Of coarse, you use a computer for your mapping, so maybe there could be a more graceful solution? Like just chunks of city in photoshop (or one of its freebie little brothers) like layers that you export as a .xxx file that is complete?

Lasgunpacker said...

Inches is a solution, as mentioned by Zzarchov, doing layers on the computer is another (or some sort of plastic overlay with the hexes if you do it with paper).

Another solution is to replace the hexes with circles offset in the same manner. Then you would at least get some better looking edges.

Of these options, I think using free movement and measurement is the easiest.

Arduin said...

Not to toot my own horn, but have you considered the whole "hex made of smaller hexes" idea to remedy the link-up problem?

I've actually got physical models I'm working with for my hexmorphs, it's just difficult under my current resources to convert them into a digital, distributable image.

The other thing I want to ask, since it's bothered me too is, just how big does your section need to be before it's "too big". I mean, sixteen hexes is pretty large.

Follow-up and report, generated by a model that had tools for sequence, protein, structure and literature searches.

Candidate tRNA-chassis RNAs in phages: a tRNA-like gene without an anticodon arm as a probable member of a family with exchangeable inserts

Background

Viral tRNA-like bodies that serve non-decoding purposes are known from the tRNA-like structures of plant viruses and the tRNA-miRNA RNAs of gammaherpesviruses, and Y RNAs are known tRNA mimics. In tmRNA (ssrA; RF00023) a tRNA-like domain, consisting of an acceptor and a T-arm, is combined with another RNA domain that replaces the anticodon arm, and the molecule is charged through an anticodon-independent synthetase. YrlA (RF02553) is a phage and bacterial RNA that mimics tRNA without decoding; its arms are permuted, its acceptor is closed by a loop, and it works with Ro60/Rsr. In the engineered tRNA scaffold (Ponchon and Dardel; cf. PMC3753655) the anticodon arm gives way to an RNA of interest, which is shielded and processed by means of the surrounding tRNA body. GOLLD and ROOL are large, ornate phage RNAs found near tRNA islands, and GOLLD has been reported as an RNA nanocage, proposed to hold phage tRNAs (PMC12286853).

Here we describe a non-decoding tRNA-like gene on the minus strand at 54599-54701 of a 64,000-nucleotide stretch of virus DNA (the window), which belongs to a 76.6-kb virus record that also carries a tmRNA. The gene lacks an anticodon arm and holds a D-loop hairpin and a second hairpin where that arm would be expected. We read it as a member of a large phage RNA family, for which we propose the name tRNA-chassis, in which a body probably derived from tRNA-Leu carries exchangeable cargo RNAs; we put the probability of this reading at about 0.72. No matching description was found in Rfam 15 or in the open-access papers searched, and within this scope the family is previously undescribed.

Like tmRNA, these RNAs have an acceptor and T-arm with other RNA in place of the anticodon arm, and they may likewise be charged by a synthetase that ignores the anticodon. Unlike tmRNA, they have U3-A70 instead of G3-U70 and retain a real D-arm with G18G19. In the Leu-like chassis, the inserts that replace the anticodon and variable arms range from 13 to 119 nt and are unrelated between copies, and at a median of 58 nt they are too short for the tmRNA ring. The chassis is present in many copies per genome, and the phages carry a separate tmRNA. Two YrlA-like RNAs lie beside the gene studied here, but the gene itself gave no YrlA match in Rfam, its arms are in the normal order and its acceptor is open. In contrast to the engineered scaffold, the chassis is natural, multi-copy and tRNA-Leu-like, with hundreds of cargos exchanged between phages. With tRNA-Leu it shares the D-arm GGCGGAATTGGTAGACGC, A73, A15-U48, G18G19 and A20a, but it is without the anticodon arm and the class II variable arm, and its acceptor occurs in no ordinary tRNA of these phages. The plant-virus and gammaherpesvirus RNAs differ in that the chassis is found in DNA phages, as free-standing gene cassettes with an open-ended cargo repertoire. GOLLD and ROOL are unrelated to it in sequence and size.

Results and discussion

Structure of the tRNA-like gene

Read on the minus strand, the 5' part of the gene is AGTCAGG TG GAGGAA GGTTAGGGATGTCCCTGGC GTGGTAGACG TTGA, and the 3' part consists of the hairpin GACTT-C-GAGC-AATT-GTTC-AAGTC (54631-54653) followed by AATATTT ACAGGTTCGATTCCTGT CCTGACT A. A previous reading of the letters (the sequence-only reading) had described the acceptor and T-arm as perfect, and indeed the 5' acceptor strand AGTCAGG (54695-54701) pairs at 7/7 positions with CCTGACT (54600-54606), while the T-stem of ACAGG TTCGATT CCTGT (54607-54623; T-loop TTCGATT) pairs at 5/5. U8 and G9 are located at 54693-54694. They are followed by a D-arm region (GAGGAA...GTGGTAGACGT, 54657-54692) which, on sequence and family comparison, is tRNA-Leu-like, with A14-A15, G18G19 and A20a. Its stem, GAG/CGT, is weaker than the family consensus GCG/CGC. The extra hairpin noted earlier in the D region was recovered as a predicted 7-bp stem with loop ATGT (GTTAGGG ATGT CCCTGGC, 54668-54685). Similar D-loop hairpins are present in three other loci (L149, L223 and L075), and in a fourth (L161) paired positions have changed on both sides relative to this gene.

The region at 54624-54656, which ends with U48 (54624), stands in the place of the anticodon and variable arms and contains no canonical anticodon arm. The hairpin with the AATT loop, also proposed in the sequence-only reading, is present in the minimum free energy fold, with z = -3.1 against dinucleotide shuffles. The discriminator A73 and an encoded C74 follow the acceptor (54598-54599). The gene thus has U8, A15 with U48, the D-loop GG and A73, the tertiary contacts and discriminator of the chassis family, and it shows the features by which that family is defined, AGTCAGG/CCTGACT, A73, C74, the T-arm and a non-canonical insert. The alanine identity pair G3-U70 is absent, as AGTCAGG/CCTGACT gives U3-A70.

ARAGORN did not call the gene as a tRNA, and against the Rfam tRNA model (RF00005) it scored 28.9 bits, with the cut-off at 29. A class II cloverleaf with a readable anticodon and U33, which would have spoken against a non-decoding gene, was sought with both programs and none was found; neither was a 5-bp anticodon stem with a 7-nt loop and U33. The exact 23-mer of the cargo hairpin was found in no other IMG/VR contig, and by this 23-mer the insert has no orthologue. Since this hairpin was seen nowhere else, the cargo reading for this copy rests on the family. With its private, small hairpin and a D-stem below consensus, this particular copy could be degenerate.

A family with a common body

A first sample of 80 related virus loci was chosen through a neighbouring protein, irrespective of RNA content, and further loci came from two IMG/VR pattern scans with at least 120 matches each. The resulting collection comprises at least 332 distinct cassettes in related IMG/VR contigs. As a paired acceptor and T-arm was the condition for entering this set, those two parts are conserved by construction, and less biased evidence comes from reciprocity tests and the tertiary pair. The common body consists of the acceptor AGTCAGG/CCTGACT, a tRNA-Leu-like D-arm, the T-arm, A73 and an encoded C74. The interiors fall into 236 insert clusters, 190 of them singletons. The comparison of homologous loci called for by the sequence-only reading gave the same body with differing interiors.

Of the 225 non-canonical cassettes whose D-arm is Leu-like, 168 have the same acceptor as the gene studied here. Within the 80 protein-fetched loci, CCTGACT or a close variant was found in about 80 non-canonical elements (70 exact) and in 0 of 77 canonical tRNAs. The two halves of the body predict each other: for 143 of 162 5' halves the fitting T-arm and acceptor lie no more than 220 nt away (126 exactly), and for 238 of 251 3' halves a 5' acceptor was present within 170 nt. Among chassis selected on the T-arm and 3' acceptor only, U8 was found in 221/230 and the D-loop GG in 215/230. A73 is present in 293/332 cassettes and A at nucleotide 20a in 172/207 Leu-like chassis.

Then again, if I understand correctly, you're working in a digital space here, and not on a table at all, so maybe that's just a comfort level thing there.

In any case, glad to fuel the fire, it's sure to be good.

Alexis said...


Back in the '70s we used to play a combat game called Tactics, which enabled us to use model tanks on very large surfaces like a rumpus room or a back yard as combat areas, measuring movement and range in feet and inches.

Gotta say, didn't really like it. The preference for hexes is that the measurement for everything is right there - easier to count than measure.

And you have all awoken the obvious solution, that I am clearly too stupid to see.